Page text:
Looking now at FIG. 8 there are shown a plurality of hanging file folders and a container 99 supported by the cantilevered support arms 26' of the object support system 10. It should be understood by those skilled in the art that container 99 is similarly adapted to be supported by support arms 26 of the frame 20, or 20'.
The container 99 is fabricated of molded plastic however a container having similar physical details could be fabricated of other materials including metal, wood, and paper. The container 99 includes opposed sidewalls 105 and a rear wall 93 upwardly extending from a bottom panel 106 which defines a support surface 107. The container 99 also includes a front lip 94 extending from the bottom panel 106 and engaged with a partial portion of the sidewalls 105. An upwardly projecting organizer rib 98 extends from the front lip 94 to the rear wall 93 along the bottom panel 106. The organizer rib 98 may be spaced apart from the sidewalls 105 a prescribed distance determined by the width, or other significant dimension, of an object intended to be stored and organized in the container 99. For example, a plurality of objects 100 depicting cassette tape enclosure cases are shown supported and arranged in the container 99. Alternatively, the rib spacing may be arbitrarily determined and be intended to provide an organizing enhancement to the container 99 for a variety of objects.
The sidewalls 105 include a U-shaped folded over support edge 102 which is adapted to supportingly engage the upper bar 27' of the support arm 26'. The rear wall 93 may also include a folded over support edge 104 which is adapted to engage a stud 43 or over to top hanging file folders, or any other suitable supporting surface. The support edge 104 engaged with the lateral support 24 prevents the container 99 from unexpectedly or unintentionally sliding from engagement with the support arms 26'. Thus, closing or opening the partition or door, upon which the object support system is mounted, or any jarring from usage, will not cause the container 99 to fall from the support arms 26'.
In FIG. 9 there is shown an auxiliary container 110 supported form container 16 by cooperating hooks 112 engaged along a front edge structural wire 114 of the container 16 or onto hanging file folders or other suitable support structure. Side hooks also hook to 27 or 28 or 27' or 28'. The auxiliary container 110 defines a plurality of pockets 116 sized to received objects therein. All containers may be placed inside or outside 20 or 20'.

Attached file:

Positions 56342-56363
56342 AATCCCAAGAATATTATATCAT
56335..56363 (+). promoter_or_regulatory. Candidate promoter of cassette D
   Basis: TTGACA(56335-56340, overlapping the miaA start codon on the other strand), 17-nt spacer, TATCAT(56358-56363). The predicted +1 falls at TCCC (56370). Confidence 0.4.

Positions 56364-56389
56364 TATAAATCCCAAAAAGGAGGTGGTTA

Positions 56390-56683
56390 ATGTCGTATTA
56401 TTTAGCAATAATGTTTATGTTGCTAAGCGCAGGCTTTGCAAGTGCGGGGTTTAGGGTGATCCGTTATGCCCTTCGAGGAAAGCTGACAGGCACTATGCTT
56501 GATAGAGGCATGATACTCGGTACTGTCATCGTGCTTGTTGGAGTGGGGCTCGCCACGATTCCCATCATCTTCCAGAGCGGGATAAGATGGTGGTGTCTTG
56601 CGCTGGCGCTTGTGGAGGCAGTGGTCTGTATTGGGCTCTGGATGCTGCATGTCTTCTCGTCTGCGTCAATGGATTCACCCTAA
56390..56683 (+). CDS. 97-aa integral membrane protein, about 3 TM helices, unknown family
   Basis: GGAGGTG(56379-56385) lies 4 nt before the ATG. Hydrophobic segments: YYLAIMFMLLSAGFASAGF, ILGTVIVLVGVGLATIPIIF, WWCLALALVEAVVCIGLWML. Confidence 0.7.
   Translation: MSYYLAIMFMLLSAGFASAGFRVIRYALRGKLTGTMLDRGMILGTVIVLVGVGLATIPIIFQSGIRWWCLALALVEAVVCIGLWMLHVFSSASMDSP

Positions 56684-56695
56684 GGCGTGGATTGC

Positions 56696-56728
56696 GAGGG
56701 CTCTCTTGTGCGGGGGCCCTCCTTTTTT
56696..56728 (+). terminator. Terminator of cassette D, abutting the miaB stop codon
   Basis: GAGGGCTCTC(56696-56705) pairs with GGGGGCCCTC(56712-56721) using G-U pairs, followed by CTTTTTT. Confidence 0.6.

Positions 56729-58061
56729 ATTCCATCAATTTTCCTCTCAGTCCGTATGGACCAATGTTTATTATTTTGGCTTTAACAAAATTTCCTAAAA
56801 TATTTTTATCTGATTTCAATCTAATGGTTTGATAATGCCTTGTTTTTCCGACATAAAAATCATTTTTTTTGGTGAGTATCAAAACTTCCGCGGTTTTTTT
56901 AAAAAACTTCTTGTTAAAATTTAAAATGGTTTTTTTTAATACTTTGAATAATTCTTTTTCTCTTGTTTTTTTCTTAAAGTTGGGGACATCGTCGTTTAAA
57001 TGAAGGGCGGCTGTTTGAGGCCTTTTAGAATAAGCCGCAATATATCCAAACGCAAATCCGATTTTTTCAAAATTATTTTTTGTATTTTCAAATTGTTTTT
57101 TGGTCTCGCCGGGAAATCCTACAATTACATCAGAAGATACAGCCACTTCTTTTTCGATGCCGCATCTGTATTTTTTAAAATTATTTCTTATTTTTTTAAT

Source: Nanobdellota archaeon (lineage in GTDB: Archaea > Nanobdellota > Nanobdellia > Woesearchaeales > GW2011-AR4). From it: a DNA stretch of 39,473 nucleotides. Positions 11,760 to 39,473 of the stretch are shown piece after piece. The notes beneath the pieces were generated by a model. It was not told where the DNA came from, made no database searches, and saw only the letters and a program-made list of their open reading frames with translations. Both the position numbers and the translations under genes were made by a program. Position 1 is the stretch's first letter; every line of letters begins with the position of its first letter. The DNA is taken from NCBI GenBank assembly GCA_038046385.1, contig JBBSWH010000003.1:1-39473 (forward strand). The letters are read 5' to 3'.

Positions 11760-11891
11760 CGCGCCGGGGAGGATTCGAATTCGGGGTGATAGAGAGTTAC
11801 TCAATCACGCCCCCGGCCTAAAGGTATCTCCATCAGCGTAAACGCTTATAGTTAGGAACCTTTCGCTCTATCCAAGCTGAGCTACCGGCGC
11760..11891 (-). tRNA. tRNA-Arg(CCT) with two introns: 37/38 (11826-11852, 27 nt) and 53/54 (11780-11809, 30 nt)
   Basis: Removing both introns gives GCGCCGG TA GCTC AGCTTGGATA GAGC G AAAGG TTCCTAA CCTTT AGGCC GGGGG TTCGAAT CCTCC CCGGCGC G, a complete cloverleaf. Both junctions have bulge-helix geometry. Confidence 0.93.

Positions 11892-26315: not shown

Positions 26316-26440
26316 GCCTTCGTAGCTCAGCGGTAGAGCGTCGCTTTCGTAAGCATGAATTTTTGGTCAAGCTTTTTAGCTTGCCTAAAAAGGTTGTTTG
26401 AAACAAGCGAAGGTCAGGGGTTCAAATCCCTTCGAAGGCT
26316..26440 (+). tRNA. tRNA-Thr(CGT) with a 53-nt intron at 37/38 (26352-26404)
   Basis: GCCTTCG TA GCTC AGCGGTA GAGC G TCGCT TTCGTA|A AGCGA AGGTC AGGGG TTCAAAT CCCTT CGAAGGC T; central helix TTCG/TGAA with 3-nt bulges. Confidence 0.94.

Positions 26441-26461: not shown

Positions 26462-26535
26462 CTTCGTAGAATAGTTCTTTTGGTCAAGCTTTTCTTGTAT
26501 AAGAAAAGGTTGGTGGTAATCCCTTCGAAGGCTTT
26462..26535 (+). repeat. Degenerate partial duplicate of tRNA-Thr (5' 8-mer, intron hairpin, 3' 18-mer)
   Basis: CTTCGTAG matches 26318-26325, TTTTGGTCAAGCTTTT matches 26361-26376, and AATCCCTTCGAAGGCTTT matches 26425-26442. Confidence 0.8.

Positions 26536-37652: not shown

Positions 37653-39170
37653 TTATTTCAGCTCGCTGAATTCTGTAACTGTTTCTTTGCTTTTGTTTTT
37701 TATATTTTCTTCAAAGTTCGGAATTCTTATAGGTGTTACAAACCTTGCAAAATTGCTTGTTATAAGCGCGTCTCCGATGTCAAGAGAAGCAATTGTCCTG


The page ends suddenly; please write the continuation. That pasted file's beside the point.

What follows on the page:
An advantage of the preset invention is the flexibility in inserting and removing different basket or container components from the support system frame 20, depending on the user's needs. The user can select only those components needed and position them at any of several height locations along the frame and inside or on front outside of the frame. The angled construction of the containers 16 and 99 permit stable storage of the disks or cassettes while providing easy access and viewing of labels identifying the disk or cassette.
While the present invention in its various aspects has been described in detail with regard to preferred embodiments thereof, it should be understood that variations, modifications and enhancements can be made to the disclosed apparatus and procedures without departing from the spirit and scope of the present invention as defined in the appended claims.
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|U.S. Classification||211/119, 211/90.02, 211/106, 211/90.03, 211/103|
|International Classification||A47B63/00, B42F15/00|
|Cooperative Classification||A47B63/00, B42F15/0094|
|European Classification||B42F15/00D4C, A47B63/00|
|Feb 26, 2002||REMI||Maintenance fee reminder mailed|
|Aug 5, 2002||LAPS||Lapse for failure to pay maintenance fees|
|Oct 1, 2002||FP||Expired due to failure to pay maintenance fee|
Effective date: 20020804